Wednesday, September 3, 2014

Euripides' Reads


Every now and again, folks ask me what sorts of books I like to read. Since I read nearly constantly, and my tastes change with the tide, it's really difficult to nail down a type of book, or even a single book.

So to answer to the question, "What sort of books do you like to read?" I've compiled a short list of books that I've read this past month. I've started with the most recent. Maybe there are one or two you'd be interested in.

World War Z by Max Brooks - This is not the kind of book I'd pick up for myself. First off, it's a New York Times Bestseller, which makes it immediately suspect. My experience with bestsellers has not been good. They tend to be either too graphic, have too much sex, or have characters I'd never want to meet, let alone read about.

That said, my sister-in-law gave this to me for my birthday, so I read it.

It's a zombie book. It is a series of interviews with close encounters of the zombie kind. And I found it rather pedestrian. The movie isn't much better, but it does have Brad Pitt.


The Three Musketeers by Alexandre Dumas - This book is a classic for a reason. I'd read it 184 years ago when I was much younger than I am now and had nearly forgotten what a fine story it is. Well, actually, it's two stories, and if you've seen the two 1970s movies with Michael York, you've seen a decent screenplay of the book.

True to much of early novels, the descriptions and the incessant dialogs seem to go on forever, so I spent a lot of time skimming, rather than reading. But the descriptions do add to the beauty of the book, and to the depth of some of the characters.

It's a worthy book to try to work your way through.

Honor Among Enemies: Honor Harrington, Book 6 by David Weber - OK, I admit it, I'm a serial reader. This military SF series by David Weber recounts the stories of Honor Harrington, a woman who captains war ships in space. While not my favorite books of all time, this series offers a bit of fluff and and escape to distant galaxies and awesome space battles. The protagonist isn't stupid, and she becomes interesting over the series of the books.

America: Imagine a World Without Her by Dinesh D'Souza - After the movie came out this past summer, I picked up a copy of D'Souza's book to see if it had anything new to say about the problems facing the US today.

The book itself was OK and didn't really add anything new to the discussion. However, I'm glad I supported D'Souza by buying his book if, for no other reason, than he's a conservative of some note who is taking a lot of flak because he has an opinion that doesn't agree with the progressive establishment.

The 47th Samurai by Stephen Hunter - Hunter is a favorite author whose books about Bob Lee Swagger, an aging Marine sniper, are as much about the guns as about the man. Seriously, the guns in Hunter's books are major characters.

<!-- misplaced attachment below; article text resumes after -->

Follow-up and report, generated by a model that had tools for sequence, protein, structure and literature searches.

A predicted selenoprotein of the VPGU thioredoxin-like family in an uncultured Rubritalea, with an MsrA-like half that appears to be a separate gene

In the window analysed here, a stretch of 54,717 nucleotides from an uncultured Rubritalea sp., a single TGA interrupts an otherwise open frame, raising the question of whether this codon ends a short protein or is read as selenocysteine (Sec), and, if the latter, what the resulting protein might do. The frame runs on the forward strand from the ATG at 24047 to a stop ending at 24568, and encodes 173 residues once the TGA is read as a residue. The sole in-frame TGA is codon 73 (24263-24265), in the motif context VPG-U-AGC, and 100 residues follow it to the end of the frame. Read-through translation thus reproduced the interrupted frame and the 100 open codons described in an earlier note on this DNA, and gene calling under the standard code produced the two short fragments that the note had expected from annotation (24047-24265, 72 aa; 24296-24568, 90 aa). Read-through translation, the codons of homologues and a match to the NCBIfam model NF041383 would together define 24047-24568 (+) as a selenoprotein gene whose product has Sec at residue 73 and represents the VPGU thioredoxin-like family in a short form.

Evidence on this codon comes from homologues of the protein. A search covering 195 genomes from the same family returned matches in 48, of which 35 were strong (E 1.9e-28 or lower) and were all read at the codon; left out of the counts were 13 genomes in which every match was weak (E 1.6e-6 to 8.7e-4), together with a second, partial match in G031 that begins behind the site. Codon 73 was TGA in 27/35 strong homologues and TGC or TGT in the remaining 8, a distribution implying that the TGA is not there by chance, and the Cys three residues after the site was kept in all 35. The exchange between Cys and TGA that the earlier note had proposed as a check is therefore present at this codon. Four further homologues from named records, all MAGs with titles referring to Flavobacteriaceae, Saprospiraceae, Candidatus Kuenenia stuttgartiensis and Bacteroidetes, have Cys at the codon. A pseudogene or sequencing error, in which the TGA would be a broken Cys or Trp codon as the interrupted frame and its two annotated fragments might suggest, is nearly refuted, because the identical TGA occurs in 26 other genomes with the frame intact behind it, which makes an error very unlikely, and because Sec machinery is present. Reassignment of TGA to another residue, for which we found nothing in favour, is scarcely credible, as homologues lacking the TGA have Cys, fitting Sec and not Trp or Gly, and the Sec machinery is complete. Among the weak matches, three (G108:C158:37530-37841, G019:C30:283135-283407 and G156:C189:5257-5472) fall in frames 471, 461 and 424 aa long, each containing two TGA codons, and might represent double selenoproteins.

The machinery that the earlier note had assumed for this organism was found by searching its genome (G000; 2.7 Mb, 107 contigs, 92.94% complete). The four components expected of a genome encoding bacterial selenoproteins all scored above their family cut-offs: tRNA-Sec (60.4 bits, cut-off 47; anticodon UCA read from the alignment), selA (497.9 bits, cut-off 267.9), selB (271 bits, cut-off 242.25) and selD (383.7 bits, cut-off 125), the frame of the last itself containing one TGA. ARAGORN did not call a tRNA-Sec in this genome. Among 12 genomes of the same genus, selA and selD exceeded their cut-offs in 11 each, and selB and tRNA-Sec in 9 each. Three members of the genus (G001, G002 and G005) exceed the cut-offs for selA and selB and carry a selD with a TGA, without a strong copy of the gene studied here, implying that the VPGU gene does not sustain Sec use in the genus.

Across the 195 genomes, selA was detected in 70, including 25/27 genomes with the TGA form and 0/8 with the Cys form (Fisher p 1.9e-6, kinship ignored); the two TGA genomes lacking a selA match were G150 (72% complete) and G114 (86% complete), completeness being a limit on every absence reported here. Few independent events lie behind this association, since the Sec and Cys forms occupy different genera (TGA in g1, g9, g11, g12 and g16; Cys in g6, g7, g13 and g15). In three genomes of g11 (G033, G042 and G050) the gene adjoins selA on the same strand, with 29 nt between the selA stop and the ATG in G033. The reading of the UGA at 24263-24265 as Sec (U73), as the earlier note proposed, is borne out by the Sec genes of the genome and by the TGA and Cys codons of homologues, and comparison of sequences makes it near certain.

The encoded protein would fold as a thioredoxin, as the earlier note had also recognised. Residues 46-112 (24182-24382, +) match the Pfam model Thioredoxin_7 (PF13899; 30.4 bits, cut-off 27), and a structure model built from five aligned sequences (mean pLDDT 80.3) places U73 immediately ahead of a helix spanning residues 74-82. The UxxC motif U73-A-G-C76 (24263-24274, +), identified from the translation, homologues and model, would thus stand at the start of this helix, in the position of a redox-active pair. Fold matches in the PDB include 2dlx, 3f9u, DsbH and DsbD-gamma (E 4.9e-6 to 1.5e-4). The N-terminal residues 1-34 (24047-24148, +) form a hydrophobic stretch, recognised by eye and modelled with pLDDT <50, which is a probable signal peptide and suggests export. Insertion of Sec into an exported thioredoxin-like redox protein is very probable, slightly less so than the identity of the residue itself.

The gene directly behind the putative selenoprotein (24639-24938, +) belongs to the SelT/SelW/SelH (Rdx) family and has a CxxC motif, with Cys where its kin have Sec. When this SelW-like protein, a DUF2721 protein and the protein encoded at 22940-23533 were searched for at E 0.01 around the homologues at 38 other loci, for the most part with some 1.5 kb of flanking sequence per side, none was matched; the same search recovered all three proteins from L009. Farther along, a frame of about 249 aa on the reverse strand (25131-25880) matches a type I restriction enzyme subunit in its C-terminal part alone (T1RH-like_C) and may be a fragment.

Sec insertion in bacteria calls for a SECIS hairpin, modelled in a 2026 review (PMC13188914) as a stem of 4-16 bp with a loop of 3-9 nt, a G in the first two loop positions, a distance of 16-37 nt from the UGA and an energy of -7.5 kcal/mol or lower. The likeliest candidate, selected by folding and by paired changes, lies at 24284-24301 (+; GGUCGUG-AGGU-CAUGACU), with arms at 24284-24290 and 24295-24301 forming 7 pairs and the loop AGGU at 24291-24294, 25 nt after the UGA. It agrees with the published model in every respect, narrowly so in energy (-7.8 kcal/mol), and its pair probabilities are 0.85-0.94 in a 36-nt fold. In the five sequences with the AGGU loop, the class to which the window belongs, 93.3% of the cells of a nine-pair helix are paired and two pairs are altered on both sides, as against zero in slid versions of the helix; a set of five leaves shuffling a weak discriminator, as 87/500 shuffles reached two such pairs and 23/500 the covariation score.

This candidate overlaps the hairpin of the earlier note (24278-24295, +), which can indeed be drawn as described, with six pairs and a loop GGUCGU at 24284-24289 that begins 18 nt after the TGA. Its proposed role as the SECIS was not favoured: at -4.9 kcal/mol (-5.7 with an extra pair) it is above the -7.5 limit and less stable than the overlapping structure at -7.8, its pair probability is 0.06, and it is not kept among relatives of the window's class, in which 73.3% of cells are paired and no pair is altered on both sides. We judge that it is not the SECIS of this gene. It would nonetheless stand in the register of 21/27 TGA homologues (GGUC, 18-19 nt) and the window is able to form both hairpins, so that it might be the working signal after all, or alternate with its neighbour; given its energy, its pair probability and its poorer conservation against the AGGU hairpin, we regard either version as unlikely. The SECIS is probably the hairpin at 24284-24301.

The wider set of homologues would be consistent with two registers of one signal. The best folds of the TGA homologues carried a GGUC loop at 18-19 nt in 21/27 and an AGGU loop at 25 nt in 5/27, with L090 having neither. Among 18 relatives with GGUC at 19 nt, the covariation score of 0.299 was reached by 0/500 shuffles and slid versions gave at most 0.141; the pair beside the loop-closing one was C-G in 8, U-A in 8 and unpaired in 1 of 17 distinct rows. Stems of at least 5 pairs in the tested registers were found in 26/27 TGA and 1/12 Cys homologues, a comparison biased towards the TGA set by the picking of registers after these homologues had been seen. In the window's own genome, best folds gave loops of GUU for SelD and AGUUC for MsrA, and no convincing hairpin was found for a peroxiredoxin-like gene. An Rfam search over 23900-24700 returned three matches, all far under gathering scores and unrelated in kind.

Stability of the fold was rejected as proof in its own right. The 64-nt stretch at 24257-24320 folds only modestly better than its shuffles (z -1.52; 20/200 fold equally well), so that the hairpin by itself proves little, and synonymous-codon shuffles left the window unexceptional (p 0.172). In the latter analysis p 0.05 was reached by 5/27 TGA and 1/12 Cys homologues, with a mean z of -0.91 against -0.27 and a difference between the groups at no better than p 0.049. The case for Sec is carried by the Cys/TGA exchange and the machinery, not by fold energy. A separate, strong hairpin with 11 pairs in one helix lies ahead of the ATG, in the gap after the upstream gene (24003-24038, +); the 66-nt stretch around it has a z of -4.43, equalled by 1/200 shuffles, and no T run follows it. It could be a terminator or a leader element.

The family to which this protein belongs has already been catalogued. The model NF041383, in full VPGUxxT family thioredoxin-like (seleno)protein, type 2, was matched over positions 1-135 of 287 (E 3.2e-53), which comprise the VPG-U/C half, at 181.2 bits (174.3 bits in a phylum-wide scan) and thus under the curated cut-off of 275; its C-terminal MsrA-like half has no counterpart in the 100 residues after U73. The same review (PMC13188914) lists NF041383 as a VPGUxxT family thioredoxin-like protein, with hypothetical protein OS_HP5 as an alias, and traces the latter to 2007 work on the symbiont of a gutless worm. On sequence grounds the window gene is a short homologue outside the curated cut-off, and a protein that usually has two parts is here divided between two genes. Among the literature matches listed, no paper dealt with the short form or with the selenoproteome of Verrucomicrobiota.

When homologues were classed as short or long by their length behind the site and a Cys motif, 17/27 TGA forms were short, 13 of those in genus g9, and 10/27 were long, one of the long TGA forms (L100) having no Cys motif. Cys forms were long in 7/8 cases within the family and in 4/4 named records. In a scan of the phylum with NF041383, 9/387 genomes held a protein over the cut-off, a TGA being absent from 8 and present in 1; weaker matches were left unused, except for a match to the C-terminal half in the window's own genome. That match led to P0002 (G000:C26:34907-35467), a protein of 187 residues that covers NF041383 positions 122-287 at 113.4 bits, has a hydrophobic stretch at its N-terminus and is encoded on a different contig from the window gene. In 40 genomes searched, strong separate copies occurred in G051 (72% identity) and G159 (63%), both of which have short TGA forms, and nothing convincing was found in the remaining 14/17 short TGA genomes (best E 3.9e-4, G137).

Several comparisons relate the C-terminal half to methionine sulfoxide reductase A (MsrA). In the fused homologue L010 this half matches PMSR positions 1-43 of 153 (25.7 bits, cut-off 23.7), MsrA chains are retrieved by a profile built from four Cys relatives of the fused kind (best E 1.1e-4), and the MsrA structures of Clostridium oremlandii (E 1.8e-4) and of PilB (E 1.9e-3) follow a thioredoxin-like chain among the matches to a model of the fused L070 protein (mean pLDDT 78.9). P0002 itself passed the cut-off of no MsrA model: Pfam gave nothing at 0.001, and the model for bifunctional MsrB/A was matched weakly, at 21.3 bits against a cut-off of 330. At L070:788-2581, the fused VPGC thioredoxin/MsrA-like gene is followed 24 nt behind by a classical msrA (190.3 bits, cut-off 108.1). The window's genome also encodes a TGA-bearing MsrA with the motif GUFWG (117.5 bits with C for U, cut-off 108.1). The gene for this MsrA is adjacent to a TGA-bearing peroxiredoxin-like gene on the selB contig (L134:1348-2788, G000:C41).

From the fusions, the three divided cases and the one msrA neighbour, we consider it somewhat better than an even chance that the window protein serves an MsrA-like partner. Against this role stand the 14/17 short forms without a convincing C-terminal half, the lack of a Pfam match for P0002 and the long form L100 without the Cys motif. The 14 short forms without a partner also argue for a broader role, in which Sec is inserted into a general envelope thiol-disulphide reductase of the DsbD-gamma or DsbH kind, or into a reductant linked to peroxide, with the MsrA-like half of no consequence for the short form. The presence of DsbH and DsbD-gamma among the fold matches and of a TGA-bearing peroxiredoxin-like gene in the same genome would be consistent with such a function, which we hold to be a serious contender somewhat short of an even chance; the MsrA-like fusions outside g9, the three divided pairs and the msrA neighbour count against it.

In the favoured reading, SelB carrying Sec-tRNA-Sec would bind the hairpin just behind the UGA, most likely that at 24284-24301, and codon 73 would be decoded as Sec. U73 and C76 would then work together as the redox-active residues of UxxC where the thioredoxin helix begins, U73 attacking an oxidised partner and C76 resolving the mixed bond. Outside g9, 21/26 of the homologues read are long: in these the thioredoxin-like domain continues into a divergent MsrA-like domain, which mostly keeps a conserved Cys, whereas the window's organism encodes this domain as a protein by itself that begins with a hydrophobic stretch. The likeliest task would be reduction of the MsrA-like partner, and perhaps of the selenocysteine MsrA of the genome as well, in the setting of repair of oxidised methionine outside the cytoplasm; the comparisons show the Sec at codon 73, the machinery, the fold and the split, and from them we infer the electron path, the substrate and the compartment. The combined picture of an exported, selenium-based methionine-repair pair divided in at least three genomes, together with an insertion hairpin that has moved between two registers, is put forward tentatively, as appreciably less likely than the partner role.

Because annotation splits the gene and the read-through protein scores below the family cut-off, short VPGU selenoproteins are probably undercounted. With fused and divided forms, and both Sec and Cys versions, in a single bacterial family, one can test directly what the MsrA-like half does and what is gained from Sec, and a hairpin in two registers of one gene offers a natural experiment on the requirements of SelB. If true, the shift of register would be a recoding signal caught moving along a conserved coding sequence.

In this book, instead of guns, we are treated to an in-depth story revolving around a stolen ancient Samurai sword. The plot is improbable, but the story is really about the swords, after all, and I enjoyed getting to know the mystique behind the Japanese blades.

Einstein: His Life and Universe by Walter Isaacson - A terrific biography of Einstein that creates a pretty good story about how remarkable Einstein truly was, along with a simplified discussion of his major contributions to our understanding of the universe.

What's So Funny? by Tim Conway - Tim Conway is one of a handful of individuals whose comedy has literally brought tears to my eyes. I was hoping for some insight into this comedian's life, but was hoping more for a book filled with his humor. The book was kind of a disappointment in both areas. It was a mediocre biography and had precious little humor.

I enjoyed the book and learning a bit more about Tim Conway, but wouldn't really recommend it.

Theft of Swords/Rise of Empire/Heir of Novron by Michael J. Sullivan - This series of three books (which is actually divided up into six novels) is a decent fantasy about two thieves who make their way through a world of nobles and wars. I enjoyed the whole series and thought that Michael J. Sullivan's writing significantly improved over the course of the series.

This book is superficially about thieves and wizards, but really focuses on the main characters. I love a book where I care about the characters.

****

So that's it for the past month or so of reading. I always try to alternate fiction with non-fiction, but at my age, I'm more interested in a good story than in wrestling with academic babbling. I've no more patience for most academic works, as they are usually drivel. And while it doesn't show it on this list, I do keep up with current events, especially the Mideast and try to fit in some academic reading here and there (mostly history and political science).

What books are you reading? Anything I'd be interested in?